Author Notes

He is professor and chair of psychology at Virginia Commonwealth University. He is executive director of A Campaign for Forgiveness Research, which in collaboration with the John Templeton Foundation, has raised funding for more than 35 research projects studying forgiveness. He is an active leader in secular and Christian counseling fields, and has appeared on CNN, as well as God Morning America, and other national shows. He lives in Richmond, Virginia.

(Publisher Provided)

Reviews 2

Booklist Review

The author's mother was murdered, yet he somehow managed to forgive the killer. The reader's first question is bound to be: Why would he forgive such a horrible act? The author answers the question in the introduction. Foremost among the reasons he cites is to break the cycle of anger. Then he presents the five steps to forgiveness, which he clearly explains, supplying helpful keys to achieving each step and for moving on to the next level. Examples buttress the author's point that it is possible to forgive what seems unforgivable. The second part of the book is about reconciliation, which is what allows people to go beyond forgiveness. Worthington recognizes that there are reasons why reconciliation may not be possible or even desirable; but for those who want to reconnect a broken relationship or repair one, reconciliation is the key. Marlene Chamberlain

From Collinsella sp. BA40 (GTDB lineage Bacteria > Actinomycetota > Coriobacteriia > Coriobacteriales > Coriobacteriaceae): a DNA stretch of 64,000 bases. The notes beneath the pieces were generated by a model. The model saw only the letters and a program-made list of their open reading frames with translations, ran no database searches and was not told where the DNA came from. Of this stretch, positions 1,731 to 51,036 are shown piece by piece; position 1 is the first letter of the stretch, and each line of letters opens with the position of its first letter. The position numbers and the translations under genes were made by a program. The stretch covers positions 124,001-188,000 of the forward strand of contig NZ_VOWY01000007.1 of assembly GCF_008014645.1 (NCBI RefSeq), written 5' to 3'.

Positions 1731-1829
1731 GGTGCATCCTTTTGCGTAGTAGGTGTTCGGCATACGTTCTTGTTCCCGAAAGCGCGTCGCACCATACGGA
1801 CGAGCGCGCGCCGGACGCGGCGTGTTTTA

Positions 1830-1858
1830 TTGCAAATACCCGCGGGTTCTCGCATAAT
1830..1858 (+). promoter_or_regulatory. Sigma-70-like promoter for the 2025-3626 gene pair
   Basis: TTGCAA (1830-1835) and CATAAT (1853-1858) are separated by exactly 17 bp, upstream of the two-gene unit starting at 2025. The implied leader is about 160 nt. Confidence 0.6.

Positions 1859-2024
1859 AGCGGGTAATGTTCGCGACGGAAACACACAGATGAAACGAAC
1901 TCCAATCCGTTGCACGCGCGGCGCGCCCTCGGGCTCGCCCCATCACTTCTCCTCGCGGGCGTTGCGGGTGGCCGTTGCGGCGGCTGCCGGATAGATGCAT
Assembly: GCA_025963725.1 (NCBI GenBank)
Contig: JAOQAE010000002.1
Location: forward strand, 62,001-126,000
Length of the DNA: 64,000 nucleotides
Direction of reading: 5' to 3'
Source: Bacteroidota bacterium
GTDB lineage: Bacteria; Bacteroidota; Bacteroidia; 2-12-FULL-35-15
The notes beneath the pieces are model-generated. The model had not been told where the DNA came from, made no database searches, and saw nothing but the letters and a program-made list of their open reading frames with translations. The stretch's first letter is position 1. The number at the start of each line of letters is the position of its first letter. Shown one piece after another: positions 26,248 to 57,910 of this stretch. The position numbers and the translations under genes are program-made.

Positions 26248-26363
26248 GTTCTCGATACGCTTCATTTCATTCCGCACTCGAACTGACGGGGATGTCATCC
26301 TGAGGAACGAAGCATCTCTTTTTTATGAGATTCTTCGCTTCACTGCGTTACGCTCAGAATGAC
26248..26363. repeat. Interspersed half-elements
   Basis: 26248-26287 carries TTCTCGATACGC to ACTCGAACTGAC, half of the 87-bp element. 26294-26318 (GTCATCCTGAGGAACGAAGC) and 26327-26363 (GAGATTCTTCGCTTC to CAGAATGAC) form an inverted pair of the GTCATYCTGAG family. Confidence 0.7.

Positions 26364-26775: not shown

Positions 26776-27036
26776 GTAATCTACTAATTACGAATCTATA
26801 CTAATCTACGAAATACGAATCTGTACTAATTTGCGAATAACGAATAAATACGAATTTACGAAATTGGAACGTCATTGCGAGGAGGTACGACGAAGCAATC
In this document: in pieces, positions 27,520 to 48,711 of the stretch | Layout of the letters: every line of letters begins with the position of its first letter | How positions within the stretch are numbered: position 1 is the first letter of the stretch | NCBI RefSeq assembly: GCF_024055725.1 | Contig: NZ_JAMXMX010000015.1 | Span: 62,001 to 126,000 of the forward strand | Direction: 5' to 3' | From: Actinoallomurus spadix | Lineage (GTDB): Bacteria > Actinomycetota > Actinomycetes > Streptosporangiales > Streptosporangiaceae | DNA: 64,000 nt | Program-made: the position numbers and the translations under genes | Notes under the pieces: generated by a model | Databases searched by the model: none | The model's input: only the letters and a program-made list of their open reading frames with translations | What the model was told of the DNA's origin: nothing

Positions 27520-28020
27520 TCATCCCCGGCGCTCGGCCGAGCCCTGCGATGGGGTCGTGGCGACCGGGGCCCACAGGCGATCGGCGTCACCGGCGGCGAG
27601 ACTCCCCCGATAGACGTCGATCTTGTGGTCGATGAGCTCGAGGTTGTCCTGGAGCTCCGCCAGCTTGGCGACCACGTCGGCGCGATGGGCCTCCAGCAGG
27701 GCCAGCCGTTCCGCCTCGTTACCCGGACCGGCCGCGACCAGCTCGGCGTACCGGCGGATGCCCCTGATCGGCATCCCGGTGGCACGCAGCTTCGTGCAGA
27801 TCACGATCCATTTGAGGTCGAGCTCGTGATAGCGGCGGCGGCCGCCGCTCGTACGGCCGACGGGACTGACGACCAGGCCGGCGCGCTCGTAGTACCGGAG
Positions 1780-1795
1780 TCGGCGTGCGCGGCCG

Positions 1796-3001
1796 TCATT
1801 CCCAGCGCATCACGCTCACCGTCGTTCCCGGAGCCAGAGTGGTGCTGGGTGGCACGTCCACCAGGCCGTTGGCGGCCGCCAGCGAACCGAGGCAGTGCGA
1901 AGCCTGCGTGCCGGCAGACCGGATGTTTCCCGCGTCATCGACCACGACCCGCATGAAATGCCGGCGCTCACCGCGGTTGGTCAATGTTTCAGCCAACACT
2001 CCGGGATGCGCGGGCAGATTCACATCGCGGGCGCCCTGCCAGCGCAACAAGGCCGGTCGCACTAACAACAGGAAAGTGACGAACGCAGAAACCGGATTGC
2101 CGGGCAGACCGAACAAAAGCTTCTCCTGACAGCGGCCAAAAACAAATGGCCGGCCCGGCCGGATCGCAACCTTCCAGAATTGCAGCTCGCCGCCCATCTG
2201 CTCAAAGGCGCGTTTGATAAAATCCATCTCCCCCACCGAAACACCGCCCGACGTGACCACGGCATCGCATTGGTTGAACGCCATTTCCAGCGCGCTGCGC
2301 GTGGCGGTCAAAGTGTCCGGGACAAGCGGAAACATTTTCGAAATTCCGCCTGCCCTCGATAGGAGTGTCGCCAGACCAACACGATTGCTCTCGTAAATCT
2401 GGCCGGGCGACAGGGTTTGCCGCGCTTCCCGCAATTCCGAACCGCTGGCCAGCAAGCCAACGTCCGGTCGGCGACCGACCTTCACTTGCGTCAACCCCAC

Publisher's Weekly Review

Those trying to recover after being the victim of a crime, divorce, layoff or other upset will find solace in Five Steps to Forgiveness: The Art and Science of Forgiving by Everett Worthington. The author suggests a gentle but realistic plan for achieving forgiveness, which he calls the REACH program: Recall the hurt, Empathize with the one who hurt you, Altruistically decide to forgive, Commit publicly to forgiveness and Hold on to the forgiveness. He brings a personal note to his coaching by sharing the story of how he dealt with his mother's murder. (Oct. 23) (c) Copyright PWxyz, LLC. All rights reserved